Wednesday, October 30, 2013

Waiting guarantee(d)

International comparisons of waiting times in health care – Limitations and prospects

Waiting times are the natural barrier for access to health care in non-market health systems, where willingness to pay it is not the criteria to allocate resources. Regulators know it and they set up some guarantees, a maximum time for access, otherwise there is a need to find an alternative. While this system may appear an improvement, it may produce some distorsions in incentives.
In my opinion, waiting times should be reviewed on a prioritisation criteria, and may be after some guaranteed should be applied. General guarantees distort the aim of such process.
Anyway, we are still waiting for a regulation on prioritisation of waiting lists. Long time ago was anounced, and long time ago was blocked. There is no reason to delay it indefinitely.
If you want to have a look at international data, read this article and its methodological considerations:
The study shows the need for a more coherent approach to waiting times measurement, if  international comparisons are to be made. Currently, there are wide differences in what  countries measure and how they measure it, were they start the measurements and what measures are presented. Few international comparisons of waiting times have been published and none has solely relied on official national statistics.

With The Changing Lights, Stacey Kent attains an even higher level of accuracy 
of tone and delicacy of expression.
 Don't miss this concert!

Tuesday, October 29, 2013

Mounting evidence about sugar-obesity link

Sugar: Consumption at a crossroads

Should the government and health officials do more to reduce consumption of sugar, and will they in your opinion? The answer is yes, 90% of the European population consider that governments need to act,  but only 52% believe the governments will do it, according to the Credit Suisse Equity Research Nutrition Survey, 2013. You'll find the details in this report.
Why so many people consider that right now something should be done about sugar intake?. Basically because everybody is increasingly convinced about the relationship between excessive sugar consumption and obesity.
The report is a good guide for all the implications and potential governmental regulation and industry self-regulation.
Definitely, something should be done, asap.

Monday, October 28, 2013

The value of clinical pathways

Beneficis de l’organització de l’atenció sanitària a les persones amb ictus: mortalitat evitada i impacte econòmic

The size of efficiency improvement that stems from wide application of clinical pathways is huge.The stroke case has shown a reduction in 7,1% of deaths between 2005 and 2012. The study adds some estimates about benefits for society of saved years: 540 m euros. I'm not so sure about this figure, since it doesn't adjust for quality. The issue deserves a larger research, we need to understand the outcomes and quality of such protocol, known as "ICTUS Code".
Anyway, these are promising results and a good reason to strengthen clinical pathways on a general basis.

Wednesday, October 23, 2013

The rights and wrongs of headlines

Imagine that you see this headline in the newspaper: "Private health insurance has new 100.000 members". You may think, that's quite a lot. And you forget to read that this news reflects two years, not only one. And you go inside the report and you see that in 2011 there was an artificial jump because 4 companies had not reported previously.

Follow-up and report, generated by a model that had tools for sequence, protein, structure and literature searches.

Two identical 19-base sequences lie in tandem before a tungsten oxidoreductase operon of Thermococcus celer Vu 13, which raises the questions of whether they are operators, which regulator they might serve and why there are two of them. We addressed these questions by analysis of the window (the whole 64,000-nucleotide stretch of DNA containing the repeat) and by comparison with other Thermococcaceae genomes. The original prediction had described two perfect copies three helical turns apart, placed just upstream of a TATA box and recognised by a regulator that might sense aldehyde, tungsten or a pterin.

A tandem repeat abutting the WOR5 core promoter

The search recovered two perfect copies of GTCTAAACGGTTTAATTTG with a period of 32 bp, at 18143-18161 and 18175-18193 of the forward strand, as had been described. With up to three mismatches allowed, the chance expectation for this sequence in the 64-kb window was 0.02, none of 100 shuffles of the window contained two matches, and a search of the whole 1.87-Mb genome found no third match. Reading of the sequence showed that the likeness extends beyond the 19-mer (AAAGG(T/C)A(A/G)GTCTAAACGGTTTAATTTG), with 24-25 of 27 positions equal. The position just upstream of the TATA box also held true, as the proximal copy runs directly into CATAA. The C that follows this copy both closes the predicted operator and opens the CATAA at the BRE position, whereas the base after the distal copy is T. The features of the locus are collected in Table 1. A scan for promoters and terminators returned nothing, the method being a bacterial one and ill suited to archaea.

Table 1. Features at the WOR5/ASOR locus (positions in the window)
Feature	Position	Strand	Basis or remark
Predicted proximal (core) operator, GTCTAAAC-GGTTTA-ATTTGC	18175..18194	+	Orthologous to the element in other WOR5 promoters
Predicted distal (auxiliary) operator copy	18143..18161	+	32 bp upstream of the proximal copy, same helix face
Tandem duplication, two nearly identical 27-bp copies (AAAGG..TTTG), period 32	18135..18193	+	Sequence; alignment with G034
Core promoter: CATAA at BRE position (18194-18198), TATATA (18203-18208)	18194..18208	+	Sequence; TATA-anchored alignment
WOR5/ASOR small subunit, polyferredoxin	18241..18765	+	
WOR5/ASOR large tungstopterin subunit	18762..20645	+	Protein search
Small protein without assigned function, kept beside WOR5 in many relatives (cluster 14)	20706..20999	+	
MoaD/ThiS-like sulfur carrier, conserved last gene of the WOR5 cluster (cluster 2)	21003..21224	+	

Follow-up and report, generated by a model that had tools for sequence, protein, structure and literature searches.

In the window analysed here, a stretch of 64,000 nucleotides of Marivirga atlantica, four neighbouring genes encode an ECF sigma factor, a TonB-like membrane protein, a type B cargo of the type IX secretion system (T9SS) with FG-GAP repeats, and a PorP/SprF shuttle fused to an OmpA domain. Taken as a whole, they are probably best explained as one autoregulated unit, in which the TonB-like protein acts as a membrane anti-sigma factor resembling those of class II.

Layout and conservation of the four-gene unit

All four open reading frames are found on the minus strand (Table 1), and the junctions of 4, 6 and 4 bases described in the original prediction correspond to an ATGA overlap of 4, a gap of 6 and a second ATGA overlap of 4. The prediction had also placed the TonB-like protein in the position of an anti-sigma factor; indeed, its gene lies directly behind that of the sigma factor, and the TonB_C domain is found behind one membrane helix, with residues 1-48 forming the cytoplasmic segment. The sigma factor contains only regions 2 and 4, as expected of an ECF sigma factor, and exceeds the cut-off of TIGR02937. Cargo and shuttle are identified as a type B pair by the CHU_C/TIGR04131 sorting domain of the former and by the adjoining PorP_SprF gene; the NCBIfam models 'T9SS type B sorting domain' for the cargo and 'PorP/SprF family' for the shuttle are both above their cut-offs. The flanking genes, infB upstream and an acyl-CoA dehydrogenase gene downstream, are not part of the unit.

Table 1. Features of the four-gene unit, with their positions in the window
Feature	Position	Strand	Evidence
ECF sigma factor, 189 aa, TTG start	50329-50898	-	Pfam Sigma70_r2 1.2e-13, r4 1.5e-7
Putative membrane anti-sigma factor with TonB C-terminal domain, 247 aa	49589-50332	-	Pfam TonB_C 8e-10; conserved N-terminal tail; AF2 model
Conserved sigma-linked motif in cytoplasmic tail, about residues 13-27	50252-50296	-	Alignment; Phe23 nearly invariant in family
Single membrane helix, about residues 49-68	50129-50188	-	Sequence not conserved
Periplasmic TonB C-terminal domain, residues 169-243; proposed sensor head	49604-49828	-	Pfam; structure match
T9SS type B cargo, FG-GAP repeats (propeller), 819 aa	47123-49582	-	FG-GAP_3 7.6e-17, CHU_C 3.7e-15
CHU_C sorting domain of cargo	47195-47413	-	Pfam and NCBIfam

And finally you are looking desperately for the right number. How many people have really bought a voluntary insurance policy in 2012? The answer is 47.370 new members, that's the right figure.
The duplicate coverage ratio is up 0,20 percentage points, to 24,6% of the population (1.842.121) p.22.
And that's all. Forget the newspaper, go straight to the report. This is the advantage of internet access and the reason why some journalists should rethink their work, they should avoid press releases and verify data.

PS.You'll not be able find the original press release on the internet, it has been removed.

Wednesday, October 16, 2013

ED Crowding

Informe de l’activitat notificada al Registre del conjunt mínim bàsic de dades d’urgències

How many visits to the emergency department are really urgent?. Up to now we hadn't a clear answer. A recent report says clearly that according to triage data, 13,3% of visits at hospitals ED are non-urgent. Is this figure accurate?. Well, if we look at the US, 12% of visits are non-urgent. We know that triage data is the only possible source for this evaluation right now. Other approaches are possible, but require larger effort.
From the data, we can conclude that reducing non-urgent care at ED is always important, but may have low impact on ED crowding.
In p.13 of the report I find that 3,9% of visits have uncertain funding. I can't understand why. Only 4.681 visits were performed under international social security agreements, it seems that there are very few cases.
Anyway, it is the first release of the report, and this is good news. We need such information to understand what's going on.

Monday, October 14, 2013

Behavioural economic-informed regulation

From Nudging to Budging: Using Behavioural Economics to Inform Public Sector Policy

Is it possible to design a regulatory mechanism to budge the private sector away from socially harmful acts?. Adam Oliver, from LSE offers his view at the Journal of Social Policy:
The role of government is not, for the most part, to interfere with personal lifestyle choices unless those choices present harms – or negative externalities – to others, although the government may be warranted in enforcing some behaviours designed to protect people principally from themselves if the intervention is considered openly and explicitly and supported widely, such as seatbelt legislation. The most effective way of preventing people or organisations harming others is to regulate their activities. Nudge is anti-regulation, but behavioural economics is not.